nty for 1699-1700 show seventy-two inventories, in but eight of which clocks or watches are mentioned.
The question may now be asked, If they had no clocks or watches, how did they keep time?
But, before answering, we must determine what we of 1900 mean by keeping time.
We follow time so closely that it is seldom we are surprised at finding our watches indicating a different hour and minute from what we anticipated before looking.
With this in mind, how shall we define keeping time in Medfed top of the dial, and the brass finials then became features of the tall clock and are still retained.
A study of this clock establishes two points; first, the independence of the individual in 1700 as contrasted with the inter-dependence of 1900; and second, that when in answer to the question that seems to be uppermost when one first looks at the old weaver's clock, can it keep time?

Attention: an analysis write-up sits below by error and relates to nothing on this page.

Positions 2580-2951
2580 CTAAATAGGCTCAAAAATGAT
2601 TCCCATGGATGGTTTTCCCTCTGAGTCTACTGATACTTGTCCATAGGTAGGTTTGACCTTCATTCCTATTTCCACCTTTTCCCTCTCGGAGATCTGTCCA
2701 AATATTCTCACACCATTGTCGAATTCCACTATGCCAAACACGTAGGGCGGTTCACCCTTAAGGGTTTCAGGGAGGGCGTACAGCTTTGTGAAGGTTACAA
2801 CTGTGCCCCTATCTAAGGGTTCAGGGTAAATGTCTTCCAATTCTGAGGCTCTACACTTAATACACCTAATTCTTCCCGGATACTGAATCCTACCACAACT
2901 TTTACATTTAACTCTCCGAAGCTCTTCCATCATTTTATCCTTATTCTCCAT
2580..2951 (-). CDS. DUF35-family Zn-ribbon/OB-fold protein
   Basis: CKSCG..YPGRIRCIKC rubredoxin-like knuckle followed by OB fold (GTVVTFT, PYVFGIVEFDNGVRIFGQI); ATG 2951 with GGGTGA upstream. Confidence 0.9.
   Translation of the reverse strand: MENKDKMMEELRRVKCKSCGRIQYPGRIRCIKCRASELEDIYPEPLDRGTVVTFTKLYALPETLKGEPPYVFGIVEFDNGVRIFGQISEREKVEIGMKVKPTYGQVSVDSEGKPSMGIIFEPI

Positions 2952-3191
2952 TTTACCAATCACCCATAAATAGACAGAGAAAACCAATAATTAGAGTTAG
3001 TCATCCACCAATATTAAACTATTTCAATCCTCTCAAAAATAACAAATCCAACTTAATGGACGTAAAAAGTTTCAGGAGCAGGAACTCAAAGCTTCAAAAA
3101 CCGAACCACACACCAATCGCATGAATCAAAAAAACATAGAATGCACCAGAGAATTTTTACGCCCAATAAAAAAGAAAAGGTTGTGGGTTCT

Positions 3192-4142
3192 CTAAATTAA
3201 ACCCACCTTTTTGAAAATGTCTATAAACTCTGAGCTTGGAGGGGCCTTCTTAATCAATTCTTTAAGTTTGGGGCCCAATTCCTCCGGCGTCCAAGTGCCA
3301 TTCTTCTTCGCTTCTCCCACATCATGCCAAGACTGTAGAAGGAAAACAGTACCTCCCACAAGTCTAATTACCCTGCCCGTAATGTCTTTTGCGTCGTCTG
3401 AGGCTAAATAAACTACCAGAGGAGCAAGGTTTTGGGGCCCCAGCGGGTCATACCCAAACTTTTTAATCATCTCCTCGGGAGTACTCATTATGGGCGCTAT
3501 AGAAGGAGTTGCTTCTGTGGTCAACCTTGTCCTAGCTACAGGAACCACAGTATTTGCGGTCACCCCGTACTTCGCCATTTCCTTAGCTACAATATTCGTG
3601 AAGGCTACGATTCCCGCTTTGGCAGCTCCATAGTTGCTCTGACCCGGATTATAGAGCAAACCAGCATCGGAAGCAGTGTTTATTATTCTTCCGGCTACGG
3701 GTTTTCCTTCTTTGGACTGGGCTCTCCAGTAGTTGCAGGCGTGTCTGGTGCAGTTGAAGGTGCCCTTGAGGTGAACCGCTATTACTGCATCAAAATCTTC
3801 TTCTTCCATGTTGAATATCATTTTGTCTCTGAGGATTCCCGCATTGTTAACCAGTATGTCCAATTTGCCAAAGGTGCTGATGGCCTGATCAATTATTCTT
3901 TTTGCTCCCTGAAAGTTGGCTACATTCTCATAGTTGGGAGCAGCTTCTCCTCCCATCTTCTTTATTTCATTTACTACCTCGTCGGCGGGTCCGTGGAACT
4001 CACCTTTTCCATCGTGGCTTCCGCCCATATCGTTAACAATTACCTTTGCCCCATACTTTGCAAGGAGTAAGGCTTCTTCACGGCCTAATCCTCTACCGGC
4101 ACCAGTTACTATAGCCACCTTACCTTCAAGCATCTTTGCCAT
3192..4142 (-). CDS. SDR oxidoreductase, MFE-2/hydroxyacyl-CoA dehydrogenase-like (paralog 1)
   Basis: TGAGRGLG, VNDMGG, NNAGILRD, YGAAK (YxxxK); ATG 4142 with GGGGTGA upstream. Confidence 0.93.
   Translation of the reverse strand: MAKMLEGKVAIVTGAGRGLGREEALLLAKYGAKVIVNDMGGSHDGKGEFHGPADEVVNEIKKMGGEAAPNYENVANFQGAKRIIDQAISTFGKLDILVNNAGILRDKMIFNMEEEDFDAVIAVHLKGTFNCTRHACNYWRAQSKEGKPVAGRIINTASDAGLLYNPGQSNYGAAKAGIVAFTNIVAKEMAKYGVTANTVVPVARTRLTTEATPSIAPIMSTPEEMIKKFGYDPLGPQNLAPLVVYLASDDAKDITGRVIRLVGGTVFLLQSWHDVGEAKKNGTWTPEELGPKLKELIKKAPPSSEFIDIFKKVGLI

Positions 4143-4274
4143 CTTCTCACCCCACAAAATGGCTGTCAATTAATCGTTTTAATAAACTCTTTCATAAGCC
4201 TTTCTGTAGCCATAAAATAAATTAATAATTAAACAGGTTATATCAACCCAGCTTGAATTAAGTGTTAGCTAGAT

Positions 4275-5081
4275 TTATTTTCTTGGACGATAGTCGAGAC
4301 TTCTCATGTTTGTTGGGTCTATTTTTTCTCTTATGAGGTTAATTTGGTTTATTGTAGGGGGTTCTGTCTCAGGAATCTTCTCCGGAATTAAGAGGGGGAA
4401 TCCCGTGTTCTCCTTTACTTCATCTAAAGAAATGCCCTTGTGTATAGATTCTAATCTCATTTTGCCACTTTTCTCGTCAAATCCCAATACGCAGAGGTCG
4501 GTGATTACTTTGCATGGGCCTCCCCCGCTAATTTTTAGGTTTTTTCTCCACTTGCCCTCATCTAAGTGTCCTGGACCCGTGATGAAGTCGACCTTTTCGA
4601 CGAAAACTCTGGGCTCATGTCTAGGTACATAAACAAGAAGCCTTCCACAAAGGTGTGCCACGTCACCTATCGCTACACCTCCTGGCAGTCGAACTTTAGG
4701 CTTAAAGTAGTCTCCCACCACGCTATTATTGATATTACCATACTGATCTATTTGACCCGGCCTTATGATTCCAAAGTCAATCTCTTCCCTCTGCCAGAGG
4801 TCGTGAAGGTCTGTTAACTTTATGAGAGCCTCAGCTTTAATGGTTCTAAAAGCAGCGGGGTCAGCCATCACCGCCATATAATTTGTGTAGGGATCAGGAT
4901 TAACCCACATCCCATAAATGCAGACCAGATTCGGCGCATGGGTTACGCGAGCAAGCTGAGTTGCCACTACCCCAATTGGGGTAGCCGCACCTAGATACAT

the reply is made, it keeps the time of 1700, one understands what is meant.
Mystic river above the b
es after being submitted to the best experts on the subject, until the final product is a book accurate in almost every particular, and one admirably adapted to the use intended.
His love for nature led him to spend his summer vacations in places where he could enjoy her to the best advantage.
The majority of them for the last thirty years were spent on the island of Nantucket, mainly in the village of Siasconset.
He also made excursions several times into the Maine woods.
The summer of 1900 was passed with his family in Nova Scotia and a part of 1902 in Newfoundland, where in both places he botanized extensively and added largely to his collections.
From his interest in science in general he became a member of the Middlesex Institute and of the Natural History Society of Boston.
He was one of the founders of the New England Botanical Club and an active member at the time of his death.
His Alma Mater appreciated the judicial and well balanced mind, and in 1894 elected him